Deadline TV contributor Ray Richmond files this report:
In a creative medium that’s increasingly shedding its labels, embracing hybrids, and blurring lines, many see the Primetime Emmy division of shows into comedy series vs. drama series as too confining. And, in the case of numerous shows, utterly misleading. One solution could be an “Outstanding Dramedy” category. Not that the Academy of Television Arts & Sciences want more Emmy categories. Quite the contrary — the powers-that-be keep trying to shed some. But this year’s shows, like TNT’s Men Of A Certain Age, ABC’s Grey’s Anatomy, FX’s Rescue Me, Fox’s Glee and Showtime’s Nurse Jackie, The Big C, Weeds, Shameless, and United States Of Tara do seem to merit their own award for shifting seamlessly between dark comedy and heartrending drama in the same episode.
“The Academy has never known what to do with us. So they’ve tossed us into a category consisting almost entirely of balls-out comedy,” complains Weeds showrunner Jenji Kohan to me. “If you like to sway that pendulum back and forth between drama and comedy, which is what we pride ourselves on, it makes it nearly impossible to compete. If I’m a comedy judge, and I’m looking at Weeds and 30 Rock, and I’m thinking, ‘What made me laugh more during the half-hour, the show with jokes or the other one?’, it’s really no contest.”
This year, especially, it seems absurd for a suburban mother’s battle with cancer (The Big C) to duke it out for an Emmy with ABC’s Modern Family and NBC’s 30 Rock. But don’t forget that Fox’s Ally McBeal was the comedy series Emmy victor in 1999, as well as an example of hour-long shows that have skirted the lines of comedy and drama. Interestingly, its executive producer David E. Kelley at awards time in 1996 received a SAG nomination for Boston Legal as a comedy ensemble. The following year, he earned a SAG nod for it as a drama ensemble.
Even more confusing, the lead comedy actress category has been won three of the past four years by performers in dramedies: America Ferrera in 2007 for Ugly Betty, Toni Collette in 2009 for United States Of Tara, and Edie Falco for Nurse Jackie just last year. Falco, at that Emmys, spotlighted the inconsistency of putting performers from such radically different series styles under the same banner when she opined in the press room backstage that she was “shocked” and “dumbfounded” to have won a comedy statuette for a role that “isn’t funny.”
Diablo Cody, the creator-exec producer-writer on United States Of Tara observes to me, “I think the real issue is the fallacy that dramatic scenes are inherently harder to play than broad comedy. Each is using a completely different set of muscles.”
TV Academy awards SVP John Leverence tells me the Board of Governors acknowledges the categorization dilemma and annually reviews the level of support for a dramatic- comedy category or group of categories. But, to date, there has been no groundswell to do it. “We’ve opted to keep comedy series as an embrace of the full gamut of sitcom plus dramedy,” Leverence offers. “It’s often the case that, in dramedies, the hub character isn’t necessarily funny, as Edie Falco so famously noted last year, but the characters serving as spokes complementing the hub are quite funny, as they are on Nurse Jackie.”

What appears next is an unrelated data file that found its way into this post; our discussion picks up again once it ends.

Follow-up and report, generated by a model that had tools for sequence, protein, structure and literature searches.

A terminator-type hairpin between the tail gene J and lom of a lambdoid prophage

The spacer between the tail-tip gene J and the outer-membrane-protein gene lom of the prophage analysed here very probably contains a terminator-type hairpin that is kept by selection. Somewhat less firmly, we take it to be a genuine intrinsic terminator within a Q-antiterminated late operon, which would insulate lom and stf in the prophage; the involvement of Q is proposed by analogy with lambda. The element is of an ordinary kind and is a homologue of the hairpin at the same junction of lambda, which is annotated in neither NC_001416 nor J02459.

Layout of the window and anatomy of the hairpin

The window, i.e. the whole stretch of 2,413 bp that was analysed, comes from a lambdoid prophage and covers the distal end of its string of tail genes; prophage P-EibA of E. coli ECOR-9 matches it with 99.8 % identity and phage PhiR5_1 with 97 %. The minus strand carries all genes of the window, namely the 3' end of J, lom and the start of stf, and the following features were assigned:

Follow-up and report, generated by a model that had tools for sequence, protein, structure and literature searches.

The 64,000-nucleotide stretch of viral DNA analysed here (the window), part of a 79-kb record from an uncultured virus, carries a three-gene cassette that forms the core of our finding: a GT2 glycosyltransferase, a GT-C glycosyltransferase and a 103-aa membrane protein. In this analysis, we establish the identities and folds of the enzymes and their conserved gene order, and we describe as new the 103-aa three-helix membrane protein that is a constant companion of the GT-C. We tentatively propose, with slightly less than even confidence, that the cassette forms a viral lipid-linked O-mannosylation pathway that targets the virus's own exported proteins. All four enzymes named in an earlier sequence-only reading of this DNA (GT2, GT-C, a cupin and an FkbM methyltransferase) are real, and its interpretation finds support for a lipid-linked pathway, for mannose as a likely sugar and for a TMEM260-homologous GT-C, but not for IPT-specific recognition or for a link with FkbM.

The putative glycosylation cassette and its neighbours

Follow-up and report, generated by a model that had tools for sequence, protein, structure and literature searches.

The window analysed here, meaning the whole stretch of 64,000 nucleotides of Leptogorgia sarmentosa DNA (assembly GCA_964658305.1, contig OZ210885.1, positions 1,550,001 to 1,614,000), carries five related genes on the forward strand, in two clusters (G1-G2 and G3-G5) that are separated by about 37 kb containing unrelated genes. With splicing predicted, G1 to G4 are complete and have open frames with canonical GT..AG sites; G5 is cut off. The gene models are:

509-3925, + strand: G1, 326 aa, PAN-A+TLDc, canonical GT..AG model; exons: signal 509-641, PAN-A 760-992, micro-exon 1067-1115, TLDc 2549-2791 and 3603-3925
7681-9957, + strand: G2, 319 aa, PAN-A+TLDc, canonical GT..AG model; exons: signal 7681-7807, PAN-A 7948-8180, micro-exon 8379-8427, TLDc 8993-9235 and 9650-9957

Newly-named Showtime Entertainment President David Nevins surprisingly informs me he isn’t pushing the TV Academy to immediately institute dramedy into the Emmy mix, even though he would have the most to gain from it. “I honestly don’t think that viewers are crying out for new Emmy categories, and I’m also not sure that Emmy voters find the issue of comedy vs. drama all that confusing. To my mind, the fact that a show like Shameless can be funny and irreverent only increases its entertainment value as a drama. That The Big C has the dramatic chops of Laura Linney, only increases its appeal as a comedy.”
But Showtime also has seen Emmy comedy breakthroughs for idiosyncratic half-hours, not only by Falco and Collette, but by top comedy series nominations for Weeds in 2009 and Nurse Jackie last year. Nurse Jackie co-showrunner Liz Brixius saw 2010’s multitude of Emmy nominations for her show as a “huge vindication, because it meant that the TV Academy voters could see it’s got its own kind of humor.” Agrees Nurse Jackie co-showrunner Linda Wallem, “It’s cool to see the comedy nominations not just be sitcoms anymore and how diverse the category can be now. It’s like a wonderful island of misfit toys.”
Big C showrunner Jenny Bicks says that creating a dramedy category for the sake of darker fare like her show isn’t necessary. “I feel like the category itself has morphed, and the voters right along with it. That being said, do I think it will be tough for us to ever win an Emmy? Yeah. And I get that.”